Men In Zimbabwe Complain That Imported Chinese Condoms Are 'Too Small'
Zimbabwean Health Minister David Parirenyatwa says that men in Zimbabwe are complaining about Chinese condoms being brought into the country. Parirenyatwa is reaching out to condom makers to step up with a solution for the problem.
Zimbabwe has more than 1 million people with HIV.
Parirenyatwa spoke at an event that marked the beginning of a new board for the Zimbabwe Private Sector HIV and AIDS Wellness (ZIPSHAW) recently. His comments were directly about condoms, many of which come from China.
During his remarks, he said that a majority of the condoms people can buy in Zimbabwe are imported from China. This has led to local men complaining about the size of the condoms. He spoke about the high incidence of HIV in the Southern African region.
"The youths now have a particular condom that they like but we don't manufacture them. We import condoms from China and some men complain that they are too small," said Parirenyatwa.
He added that this could mean big business for whoever decides to manufacture the condoms that men prefer. Parirenyatwa hopes that one of the country’s many large companies steps up to produce the condoms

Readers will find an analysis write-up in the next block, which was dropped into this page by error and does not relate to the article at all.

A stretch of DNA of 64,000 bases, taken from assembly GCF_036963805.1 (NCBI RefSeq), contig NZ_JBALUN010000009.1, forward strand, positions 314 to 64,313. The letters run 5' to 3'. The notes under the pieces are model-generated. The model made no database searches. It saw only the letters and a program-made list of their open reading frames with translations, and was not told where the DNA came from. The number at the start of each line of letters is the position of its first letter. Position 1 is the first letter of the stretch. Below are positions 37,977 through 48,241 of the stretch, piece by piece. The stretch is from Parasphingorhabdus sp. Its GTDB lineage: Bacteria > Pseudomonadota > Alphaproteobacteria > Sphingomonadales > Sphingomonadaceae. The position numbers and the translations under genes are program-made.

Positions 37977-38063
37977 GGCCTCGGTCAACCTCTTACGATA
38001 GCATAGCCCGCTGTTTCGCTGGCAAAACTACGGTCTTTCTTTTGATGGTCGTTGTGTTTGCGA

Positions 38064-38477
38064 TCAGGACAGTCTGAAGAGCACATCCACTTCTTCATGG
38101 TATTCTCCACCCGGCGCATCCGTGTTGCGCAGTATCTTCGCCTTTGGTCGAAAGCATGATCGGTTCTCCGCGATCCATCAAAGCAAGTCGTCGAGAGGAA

Parirenyatwa also talked about the effect of HIV had on Zimbabwe.
"HIV and AIDS has had devastating effect on all sectors and the private sector has not been spared. This coordinating structure (ZIPSHAW) will ensure a more effective and efficient private sector response to HIV and wellness in Zimbabwe."
HIV In Zimbabwe
Zimbabwe distributed 109.4 million condoms in 2016, which would be 33 per person for the year. It is one of five countries that meets or exceeds the United Nation's Population Fund's regional mark of 30 condoms per man per year.
As of 2016, Zimbabwe has 1.3 million people living with HIV. The country has a high prevalence of HIV. It has the sixth highest prevalence in sub-Saharan Africa at 13.5 percent. Transmission in the country is mainly passed on through unprotected heterosexual sex.
Homosexuality is illegal in Zimbabwe, causing many men who have sex with men from being able to access proper services to treat HIV symptoms.
Infections among infants are declining due to the availability of antiretroviral medicines to nearly every pregnant woman.
Deaths among those with AIDS-related illnesses are falling in the country. Deaths have decreased from 61,000 in 2013 to 30,000 in 2016.
In 2016, Zimbabwe had 40,000 new HIV infections. Three-quarters of funding for HIV protection in Zimbabwe comes from international donors.